A look at the history of constitutional debates in Vietnam suggests that public discussion in state-mediated forums rarely produces liberal institutional reform. Since the Nhan-Van Giai-Pham affair in the 1950s, reformers have periodically urged the government to improve human rights and adhere to legal processes. But recurring attempts in state-mediated forums to introduce liberal democratic institutions, such as a constitutional court, have been unsuccessful.
Though controls are not as proscriptive as the Seven Prohibitions in China, the Party in Vietnam stage-manages constitutional debate in state-mediated forums. While windows that allow discussion about normally taboo liberal institutional reforms may open in state-mediated forums, these windows shut when constitutional amendments are passed. This forecloses further discussion and signals the limits to institutional reform.
Vietnam still lacks the institutions that are generally considered necessary for liberal constitutionalism. There is no constitutional court, electoral democracy, separation of powers or judicial protection of politically sensitive civil, economic and political rights. Although Vietnam lacks many liberal institutions, it is a mistake to believe that all public discourse surrounding the constitution is merely fictitious with no correspondence to how the government actually works. Understanding how discourse in an illiberal polity might define and constrain state power involves looking beyond the legal and technical discourse associated with liberal institutional reforms.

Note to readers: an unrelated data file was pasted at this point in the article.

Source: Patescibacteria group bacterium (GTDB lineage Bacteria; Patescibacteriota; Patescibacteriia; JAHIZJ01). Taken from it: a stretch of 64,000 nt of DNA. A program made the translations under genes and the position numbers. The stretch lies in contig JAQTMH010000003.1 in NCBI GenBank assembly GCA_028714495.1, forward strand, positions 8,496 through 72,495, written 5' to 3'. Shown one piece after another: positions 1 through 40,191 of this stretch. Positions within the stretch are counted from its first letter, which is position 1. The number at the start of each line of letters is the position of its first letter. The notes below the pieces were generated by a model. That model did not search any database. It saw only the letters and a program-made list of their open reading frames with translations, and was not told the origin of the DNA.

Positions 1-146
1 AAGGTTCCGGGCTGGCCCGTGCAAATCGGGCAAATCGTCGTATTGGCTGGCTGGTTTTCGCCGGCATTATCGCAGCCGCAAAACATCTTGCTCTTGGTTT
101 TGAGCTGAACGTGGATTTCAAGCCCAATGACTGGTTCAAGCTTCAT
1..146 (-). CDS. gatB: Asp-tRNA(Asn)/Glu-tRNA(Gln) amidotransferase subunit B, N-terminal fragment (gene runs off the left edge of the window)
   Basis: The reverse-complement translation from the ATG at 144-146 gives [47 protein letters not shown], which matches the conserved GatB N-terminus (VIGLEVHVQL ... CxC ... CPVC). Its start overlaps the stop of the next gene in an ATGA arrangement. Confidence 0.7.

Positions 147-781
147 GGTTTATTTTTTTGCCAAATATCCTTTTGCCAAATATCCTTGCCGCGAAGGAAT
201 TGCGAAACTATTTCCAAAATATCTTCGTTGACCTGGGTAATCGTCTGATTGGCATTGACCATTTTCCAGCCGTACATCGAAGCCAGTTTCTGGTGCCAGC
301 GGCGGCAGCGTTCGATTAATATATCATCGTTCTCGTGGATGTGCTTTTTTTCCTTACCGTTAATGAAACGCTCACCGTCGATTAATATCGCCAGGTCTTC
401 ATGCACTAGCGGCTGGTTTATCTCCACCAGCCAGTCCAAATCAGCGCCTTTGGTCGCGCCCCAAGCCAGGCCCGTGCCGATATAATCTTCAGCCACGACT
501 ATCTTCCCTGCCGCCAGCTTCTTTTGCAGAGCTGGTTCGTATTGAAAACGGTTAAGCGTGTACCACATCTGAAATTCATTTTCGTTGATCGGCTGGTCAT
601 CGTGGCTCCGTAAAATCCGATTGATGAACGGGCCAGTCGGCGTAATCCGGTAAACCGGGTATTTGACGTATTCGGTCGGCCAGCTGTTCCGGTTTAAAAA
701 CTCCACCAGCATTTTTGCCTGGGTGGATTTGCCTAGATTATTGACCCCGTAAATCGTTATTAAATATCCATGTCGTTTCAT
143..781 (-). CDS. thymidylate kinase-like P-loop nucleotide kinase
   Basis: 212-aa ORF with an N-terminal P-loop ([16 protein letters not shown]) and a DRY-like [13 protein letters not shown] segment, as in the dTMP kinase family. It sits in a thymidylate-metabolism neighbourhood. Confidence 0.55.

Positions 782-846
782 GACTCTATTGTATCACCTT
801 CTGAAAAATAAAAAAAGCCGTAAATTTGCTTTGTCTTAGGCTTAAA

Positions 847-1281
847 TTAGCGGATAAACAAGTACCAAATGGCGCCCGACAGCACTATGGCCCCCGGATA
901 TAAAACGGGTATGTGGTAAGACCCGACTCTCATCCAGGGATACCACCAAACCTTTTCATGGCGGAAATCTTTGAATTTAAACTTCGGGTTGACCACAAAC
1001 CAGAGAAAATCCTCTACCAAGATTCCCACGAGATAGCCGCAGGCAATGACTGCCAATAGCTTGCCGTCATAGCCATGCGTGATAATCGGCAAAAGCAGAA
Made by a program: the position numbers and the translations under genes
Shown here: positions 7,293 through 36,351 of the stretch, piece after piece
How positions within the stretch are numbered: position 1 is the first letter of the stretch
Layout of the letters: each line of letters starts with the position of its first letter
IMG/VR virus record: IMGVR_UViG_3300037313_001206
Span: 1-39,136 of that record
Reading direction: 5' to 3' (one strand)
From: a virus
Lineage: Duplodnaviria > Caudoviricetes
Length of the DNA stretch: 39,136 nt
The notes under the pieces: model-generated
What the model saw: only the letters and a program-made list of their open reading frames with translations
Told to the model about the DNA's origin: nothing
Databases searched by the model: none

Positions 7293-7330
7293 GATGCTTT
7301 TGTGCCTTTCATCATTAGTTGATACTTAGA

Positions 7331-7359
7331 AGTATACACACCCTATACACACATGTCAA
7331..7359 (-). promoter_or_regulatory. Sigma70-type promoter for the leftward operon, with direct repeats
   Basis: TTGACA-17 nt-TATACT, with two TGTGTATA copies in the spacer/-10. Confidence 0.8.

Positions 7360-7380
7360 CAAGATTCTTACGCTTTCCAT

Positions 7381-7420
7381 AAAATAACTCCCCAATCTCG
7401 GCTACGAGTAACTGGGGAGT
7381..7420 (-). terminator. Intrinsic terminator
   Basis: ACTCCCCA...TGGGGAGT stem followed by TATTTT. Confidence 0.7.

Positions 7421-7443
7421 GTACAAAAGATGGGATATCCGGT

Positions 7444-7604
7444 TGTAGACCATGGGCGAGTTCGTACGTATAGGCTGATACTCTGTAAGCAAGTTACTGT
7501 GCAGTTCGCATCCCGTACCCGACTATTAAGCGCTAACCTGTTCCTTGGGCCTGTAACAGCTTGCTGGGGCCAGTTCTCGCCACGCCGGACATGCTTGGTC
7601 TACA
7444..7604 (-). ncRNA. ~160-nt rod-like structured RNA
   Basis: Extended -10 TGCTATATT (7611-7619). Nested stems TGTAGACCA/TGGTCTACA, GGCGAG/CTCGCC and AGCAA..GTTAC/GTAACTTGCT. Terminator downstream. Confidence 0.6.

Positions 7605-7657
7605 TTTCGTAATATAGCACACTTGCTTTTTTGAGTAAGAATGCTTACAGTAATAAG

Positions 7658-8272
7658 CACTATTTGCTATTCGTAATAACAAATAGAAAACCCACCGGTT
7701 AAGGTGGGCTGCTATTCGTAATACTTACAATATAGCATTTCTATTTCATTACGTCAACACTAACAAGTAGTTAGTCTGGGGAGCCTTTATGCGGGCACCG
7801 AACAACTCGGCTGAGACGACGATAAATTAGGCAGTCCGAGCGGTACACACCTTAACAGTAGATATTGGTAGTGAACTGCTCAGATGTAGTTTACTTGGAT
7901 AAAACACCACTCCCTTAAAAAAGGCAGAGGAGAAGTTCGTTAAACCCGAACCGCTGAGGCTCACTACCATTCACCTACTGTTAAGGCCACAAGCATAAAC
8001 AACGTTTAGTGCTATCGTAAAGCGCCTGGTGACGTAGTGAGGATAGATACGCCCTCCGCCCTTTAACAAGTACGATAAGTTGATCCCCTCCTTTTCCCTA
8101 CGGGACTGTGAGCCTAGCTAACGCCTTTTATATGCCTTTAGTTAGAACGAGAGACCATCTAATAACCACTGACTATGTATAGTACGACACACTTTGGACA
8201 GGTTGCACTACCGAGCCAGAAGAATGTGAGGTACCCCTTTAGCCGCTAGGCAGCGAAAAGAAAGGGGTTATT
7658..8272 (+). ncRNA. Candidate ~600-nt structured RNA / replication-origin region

In tandem with Party-managed debates in state-mediated forums, there is a vibrant constitutional deliberation amongst ‘left-side’ (ben trai) social media circles. Reaching 36 per cent of the population, social media penetration in Vietnam is among the deepest in Southeast Asia — similar to Thailand. State control over bloggers and social media sites in Vietnam is less restrictive than in China. Most bloggers engage in ‘lifestyle’ politics where recounts of their lives are linked with topical social issues such as environmental pollution, urban congestion and food safety issues.